This event was recalled later in a Psalm attributed to David, not included in today’s Western Bibles, but known from the Greek Septuagint and Syriac versions and was also included in one of the psalters found among the Dead Sea Scrolls.[3] Here is a portion of that psalm:
Halleluia of David, son of Jesse.
I was smaller than my brothers
and younger than my father’s sons;
he put me as shepherd of his flock
and master of his kid goats . . .
God saw everything
he heard everything
and listened.
He sent his prophet to anoint me
Samuel, to make me great.
my brothers went out to meet him
well built,
very presentable.
They were quite tall,
they had attractive hair,
but YHWH [Jehovah] God did not choose them,
instead he sent to fetch me from following the flock
and anointed me with holy oil
and set me as leader of his people
/and chief of/ the sons of his covenant[4]

The Sacrificial Lambs
St. Jerome wrote to Eustochium of “the tower of Edar, that is ‘of the flock,’ near which Jacob fed his flocks, and where the shepherds keeping watch by night were privileged to hear the words: ‘Glory to God in the highest and on earth peace, goodwill toward men.’ While they were keeping their sheep they found the Lamb of God whose fleece bright and clean was made wet with the dew of heaven when it was dry upon all the earth beside, and whose blood when sprinkled on the doorposts drove off the destroyer of Egypt and took away the sins of the world” (Letter 108 to Eustochium 10).[5]
In medieval times, Migdal-Eder was considered to be the spot where the angels appeared to the shepherds to announce the birth of Christ, and, according to Gaulish Bishop Arculf, who visited the site ca. AD 700, a church stood there with monuments to the three shepherds.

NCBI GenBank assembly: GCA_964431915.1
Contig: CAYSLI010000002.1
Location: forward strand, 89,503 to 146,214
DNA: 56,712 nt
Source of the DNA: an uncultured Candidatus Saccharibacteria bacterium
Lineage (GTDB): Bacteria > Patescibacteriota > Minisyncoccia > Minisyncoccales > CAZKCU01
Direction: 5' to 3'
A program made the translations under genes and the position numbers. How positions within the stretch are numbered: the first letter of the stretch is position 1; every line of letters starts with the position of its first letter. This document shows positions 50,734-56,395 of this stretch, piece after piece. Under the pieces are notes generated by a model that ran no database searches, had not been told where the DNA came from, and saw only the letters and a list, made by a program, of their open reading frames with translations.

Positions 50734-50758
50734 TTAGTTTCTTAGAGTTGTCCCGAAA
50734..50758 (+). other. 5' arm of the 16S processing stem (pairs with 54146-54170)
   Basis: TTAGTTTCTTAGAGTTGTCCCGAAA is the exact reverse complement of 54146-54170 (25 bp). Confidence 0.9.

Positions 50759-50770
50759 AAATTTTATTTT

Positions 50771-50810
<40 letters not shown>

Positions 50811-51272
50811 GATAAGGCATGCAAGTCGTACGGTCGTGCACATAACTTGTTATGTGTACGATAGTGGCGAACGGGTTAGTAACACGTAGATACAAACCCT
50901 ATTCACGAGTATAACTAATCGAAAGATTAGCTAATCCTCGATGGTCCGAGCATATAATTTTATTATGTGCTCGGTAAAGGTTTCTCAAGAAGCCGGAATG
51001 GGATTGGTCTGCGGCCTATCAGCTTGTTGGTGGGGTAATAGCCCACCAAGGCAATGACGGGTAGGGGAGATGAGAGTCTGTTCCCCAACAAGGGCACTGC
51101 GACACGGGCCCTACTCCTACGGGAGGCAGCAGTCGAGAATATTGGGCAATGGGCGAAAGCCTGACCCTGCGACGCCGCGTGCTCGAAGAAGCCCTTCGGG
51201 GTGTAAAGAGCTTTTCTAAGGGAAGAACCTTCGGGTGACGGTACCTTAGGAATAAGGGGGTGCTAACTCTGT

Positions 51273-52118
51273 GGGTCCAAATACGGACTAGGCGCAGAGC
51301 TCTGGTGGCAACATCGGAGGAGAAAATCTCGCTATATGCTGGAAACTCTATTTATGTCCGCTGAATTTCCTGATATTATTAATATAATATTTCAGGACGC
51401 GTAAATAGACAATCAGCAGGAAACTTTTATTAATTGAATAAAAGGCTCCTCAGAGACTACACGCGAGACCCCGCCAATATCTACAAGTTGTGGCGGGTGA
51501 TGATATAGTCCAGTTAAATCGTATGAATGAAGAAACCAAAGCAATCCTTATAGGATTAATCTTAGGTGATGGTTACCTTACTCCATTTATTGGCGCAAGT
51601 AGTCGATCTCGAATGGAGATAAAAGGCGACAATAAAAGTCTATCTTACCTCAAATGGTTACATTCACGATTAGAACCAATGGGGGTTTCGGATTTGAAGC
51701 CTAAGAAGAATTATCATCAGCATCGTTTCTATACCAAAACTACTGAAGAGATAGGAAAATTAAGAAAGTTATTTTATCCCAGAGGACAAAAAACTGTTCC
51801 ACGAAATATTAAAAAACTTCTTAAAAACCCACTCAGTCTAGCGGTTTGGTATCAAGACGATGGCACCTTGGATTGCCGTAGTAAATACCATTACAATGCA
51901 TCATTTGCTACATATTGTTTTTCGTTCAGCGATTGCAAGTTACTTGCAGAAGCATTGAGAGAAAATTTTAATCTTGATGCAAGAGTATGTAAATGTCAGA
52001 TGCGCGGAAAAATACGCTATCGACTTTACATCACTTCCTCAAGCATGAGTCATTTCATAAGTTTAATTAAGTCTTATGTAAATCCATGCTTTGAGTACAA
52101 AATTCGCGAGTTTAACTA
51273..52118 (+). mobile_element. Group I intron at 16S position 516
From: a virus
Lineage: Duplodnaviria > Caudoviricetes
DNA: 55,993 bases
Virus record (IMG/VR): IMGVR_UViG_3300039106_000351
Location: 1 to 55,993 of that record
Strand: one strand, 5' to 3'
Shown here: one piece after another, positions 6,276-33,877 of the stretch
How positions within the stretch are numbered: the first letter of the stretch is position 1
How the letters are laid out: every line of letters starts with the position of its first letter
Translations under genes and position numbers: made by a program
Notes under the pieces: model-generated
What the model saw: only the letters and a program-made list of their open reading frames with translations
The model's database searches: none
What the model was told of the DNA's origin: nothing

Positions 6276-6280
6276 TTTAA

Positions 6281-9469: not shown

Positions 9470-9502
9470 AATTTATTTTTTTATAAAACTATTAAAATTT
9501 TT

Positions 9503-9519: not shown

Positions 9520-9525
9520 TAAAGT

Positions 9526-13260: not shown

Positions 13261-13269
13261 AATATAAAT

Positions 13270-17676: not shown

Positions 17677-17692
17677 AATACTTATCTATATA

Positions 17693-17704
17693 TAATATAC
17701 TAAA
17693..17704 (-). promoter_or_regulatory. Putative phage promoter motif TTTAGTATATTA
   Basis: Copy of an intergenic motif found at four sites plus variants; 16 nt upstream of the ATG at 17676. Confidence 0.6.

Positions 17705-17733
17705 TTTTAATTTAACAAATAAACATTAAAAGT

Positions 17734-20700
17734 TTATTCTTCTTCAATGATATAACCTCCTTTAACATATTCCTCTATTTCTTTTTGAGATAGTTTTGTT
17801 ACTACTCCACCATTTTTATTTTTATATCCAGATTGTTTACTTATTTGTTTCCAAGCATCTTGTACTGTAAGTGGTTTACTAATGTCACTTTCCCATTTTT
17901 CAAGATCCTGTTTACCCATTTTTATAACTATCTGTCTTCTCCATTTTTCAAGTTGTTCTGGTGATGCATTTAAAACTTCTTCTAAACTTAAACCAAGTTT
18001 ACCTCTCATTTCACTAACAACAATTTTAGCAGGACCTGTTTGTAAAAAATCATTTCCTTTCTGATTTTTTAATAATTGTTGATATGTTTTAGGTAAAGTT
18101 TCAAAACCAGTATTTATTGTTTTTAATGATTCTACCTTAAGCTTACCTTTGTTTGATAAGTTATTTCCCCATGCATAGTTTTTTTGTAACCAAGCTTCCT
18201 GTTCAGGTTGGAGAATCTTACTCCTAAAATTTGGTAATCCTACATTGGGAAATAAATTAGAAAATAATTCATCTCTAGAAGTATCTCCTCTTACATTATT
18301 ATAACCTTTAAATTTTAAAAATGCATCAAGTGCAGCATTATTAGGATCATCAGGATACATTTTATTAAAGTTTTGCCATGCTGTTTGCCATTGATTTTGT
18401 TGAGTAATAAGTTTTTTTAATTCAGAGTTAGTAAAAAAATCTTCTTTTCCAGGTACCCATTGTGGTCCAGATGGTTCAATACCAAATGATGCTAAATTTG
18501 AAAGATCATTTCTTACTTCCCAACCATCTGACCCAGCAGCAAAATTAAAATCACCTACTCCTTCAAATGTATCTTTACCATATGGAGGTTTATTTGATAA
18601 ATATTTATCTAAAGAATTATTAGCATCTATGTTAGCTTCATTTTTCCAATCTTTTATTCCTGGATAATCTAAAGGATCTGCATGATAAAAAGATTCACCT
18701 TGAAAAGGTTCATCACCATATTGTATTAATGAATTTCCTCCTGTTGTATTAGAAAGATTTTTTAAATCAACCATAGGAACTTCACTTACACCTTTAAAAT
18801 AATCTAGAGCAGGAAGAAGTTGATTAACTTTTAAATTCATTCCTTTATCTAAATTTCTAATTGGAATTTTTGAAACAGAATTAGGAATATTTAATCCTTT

The Good Shepherd and the Lamb of God
Old Testament sometimes compares Israel to a flock of sheep who are admonished to follow the Lord as sheep follow their shepherd.[6] In the New Testament, Jesus is the good shepherd, while his followers are compared to sheep.[7] One of the most well-known Bible passages begins “The Lord is my shepherd; I shall not want” (Psalm 23:1).
The patriarch Jacob (renamed Israel), spoke of “the shepherd, the stone of Israel” (Genesis 49:24).[8] This sounds very much like a messianic declaration, for Christ is both the “good shepherd” (John 10:11; John 10:11, 14; cf.Alma 5:38-39, 41, 57, 60; Helaman 7:18) and the stone of Israel (1 Corinthians 10:4). Indeed, D&C 50:44 calls Jesus both “the good shepherd, and the stone of Israel,” reflecting Jacob’s words. Some early Christian writers saw Isaiah 1:3 as an allusion to the manger used as the newborn Christ’s bed. This passage uses the term “master's crib” as an analogy for Israel’s misunderstanding God’s plan.[9] The English term “crib,” used in our day to denote a baby’s bed, originally denoted the place where food was placed for animals (cf. Proverbs 14:4).
The Akathist Hymn, adopted for the liturgy of the eastern orthodox churches in A.D. 626, but perhaps dating from as early as the third century, has the shepherds coming to see the newborn Christ “as a spotless lamb being pastured in the womb of Mary” and calls Mary “mother of the lamb and shepherd . . . fold of spiritual sheep” (Ikos 4).[10] Compare this with Nephi’s vision, “And I looked and beheld the virgin again, bearing a child in her arms. And the angel said unto me: Behold the Lamb of God, yea, even the Son of the Eternal Father!” (1 Nephi 11:20-21).
Joseph, son of Jacob, is said to have experienced a similar vision: “And I saw that a virgin was born from Judah, wearing a linen stole; and from her was born a spotless lamb” (Testament of Joseph 19:8).[11] In the book of Revelation, the lamb represents Christ.[12] Testament of Benjamin 3:7-8 also speaks of “the Lamb of God, the Savior of the world . . . the unspotted one . . . the sinless one.”[13] The apostle Peter wrote of “Christ, as of a lamb without blemish and without spot” (1 Peter 1:19).